Young entrepreneurs who want their work to have a positive impact on their communities, urgently need more help from governments if they’re to succeed and resist the COVID-19-fuelled economic downturn, UN economists said on Thursday.
Amid worsening global employment prospects owing to the pandemic, the UN Department of Economic and Social Affairs (DESA) maintained in a new report that unlocking business opportunities for young adults “could lower unemployment and bring social benefits”.
Young people don’t just want to do well. They want to do good.— UN DESA (@UNDESA) July 2, 2020
🆕 New @UNDESA report shows the potential of youth social entrepreneurship to support youth employment & development 🌎🌈https://t.co/CF0kNTI5HR #WorldYouthReport #EveryoneIncluded🌟 pic.twitter.com/TO5QPEOSk1
It said that socially-minded enterprises benefited 871 million people in just nine countries in Europe and Central Asia in 2016, providing services and products worth around $6.7 billion and creating employment, particularly among marginalized groups.
Sky’s the limit for start-ups
Young entrepreneurs who have already made a difference include Zaid Souqi, from Jordan, who created The Orenda Tribe: Art for Hope, in 2014.
His art and art therapy initiative empowers Syrian and Jordanian children in vulnerable situations.
In Malawi, business trainer Ellen Chilemba started Tiwale when she was 18; now 30, she now has trained more than 150 women as entrepreneurs.
And Pezana Rexha, a young architect from Albania, set up Pana Design: Storytelling Furniture, making furniture from reclaimed wood with people who normally face difficulties finding employment, such as older workers and those with disabilities.
Chief among DESA’s recommendations is the removal of obstacles to start-up funds for youngsters.
This is a common failing in “many” countries, where regulatory systems often prevent them from accessing the financial products and services they need to start a business.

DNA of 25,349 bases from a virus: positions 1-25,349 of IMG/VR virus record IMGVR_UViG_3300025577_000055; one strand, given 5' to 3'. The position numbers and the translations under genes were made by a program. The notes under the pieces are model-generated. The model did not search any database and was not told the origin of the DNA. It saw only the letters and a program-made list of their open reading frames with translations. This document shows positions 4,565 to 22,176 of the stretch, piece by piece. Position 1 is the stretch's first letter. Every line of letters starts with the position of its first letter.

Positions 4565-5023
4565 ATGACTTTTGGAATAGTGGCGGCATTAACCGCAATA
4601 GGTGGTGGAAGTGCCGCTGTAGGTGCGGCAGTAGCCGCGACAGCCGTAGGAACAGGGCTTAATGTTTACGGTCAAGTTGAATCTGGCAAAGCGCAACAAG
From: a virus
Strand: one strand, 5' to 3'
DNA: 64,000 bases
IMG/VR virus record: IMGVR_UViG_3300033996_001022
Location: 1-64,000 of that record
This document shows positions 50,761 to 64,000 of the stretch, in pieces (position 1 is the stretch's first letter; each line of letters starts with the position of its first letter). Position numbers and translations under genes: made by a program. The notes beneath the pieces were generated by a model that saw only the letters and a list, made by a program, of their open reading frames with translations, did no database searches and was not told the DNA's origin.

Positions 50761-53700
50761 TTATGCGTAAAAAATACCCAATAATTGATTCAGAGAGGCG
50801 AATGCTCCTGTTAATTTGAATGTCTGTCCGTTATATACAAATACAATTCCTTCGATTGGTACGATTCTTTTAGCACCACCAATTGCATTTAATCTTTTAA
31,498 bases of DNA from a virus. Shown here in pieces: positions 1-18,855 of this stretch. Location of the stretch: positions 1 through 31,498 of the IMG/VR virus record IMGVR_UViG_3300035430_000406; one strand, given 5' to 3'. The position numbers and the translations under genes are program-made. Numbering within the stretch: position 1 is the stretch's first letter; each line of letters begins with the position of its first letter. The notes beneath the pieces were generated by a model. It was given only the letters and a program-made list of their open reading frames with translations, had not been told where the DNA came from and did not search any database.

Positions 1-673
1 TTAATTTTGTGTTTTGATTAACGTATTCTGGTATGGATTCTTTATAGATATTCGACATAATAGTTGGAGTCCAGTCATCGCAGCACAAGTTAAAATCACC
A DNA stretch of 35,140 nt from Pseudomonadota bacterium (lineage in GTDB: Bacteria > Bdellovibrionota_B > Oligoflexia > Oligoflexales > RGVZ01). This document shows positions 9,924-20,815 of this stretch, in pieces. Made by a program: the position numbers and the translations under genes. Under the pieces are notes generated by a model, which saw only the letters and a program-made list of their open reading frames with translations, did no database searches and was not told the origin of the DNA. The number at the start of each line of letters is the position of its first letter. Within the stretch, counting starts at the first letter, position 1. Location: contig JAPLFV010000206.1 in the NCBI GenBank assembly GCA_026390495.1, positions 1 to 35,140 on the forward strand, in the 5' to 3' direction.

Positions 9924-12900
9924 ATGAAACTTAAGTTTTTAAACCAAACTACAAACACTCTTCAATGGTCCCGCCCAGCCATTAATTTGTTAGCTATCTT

In addition, lack of access to training, technical support, networks and markets, all combine to discourage the growth of such social enterprises, said DESA, which defines social entrepreneurship as “businesses that generate profits while seeking to generate social impacts”.
Joblessness hits youngsters hardest
According to the agency’s 2020 World Youth Report, unemployment among the world’s 1.2 billion young people (aged 15-24) is far higher than for adults.
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The COVID-19 crisis has worsened their job prospects, the DESA report continues, although before the new coronavirus emerged in China late last December, before turning into a pandemic, labour experts estimated that 600 million jobs would be needed in the next 15 years to meet youth employment needs, the report noted.
Highlighting the multiple benefits that could come if Governments did more for their aspiring youngsters, the UN agency explained that new measures could also contribute to advancing the Sustainable Development Goals, 17 objectives to tackle everything from poverty to inequality.
“Creating pathways for youth social entrepreneurship can generate positive outcomes for everyone,” said Liu Zhenmin, UN Under-Secretary-General for Economic and Social Affairs. “When supported by enabling policies and programmes, social entrepreneurship can represent a great way for young people to earn a living and improve the world around them.”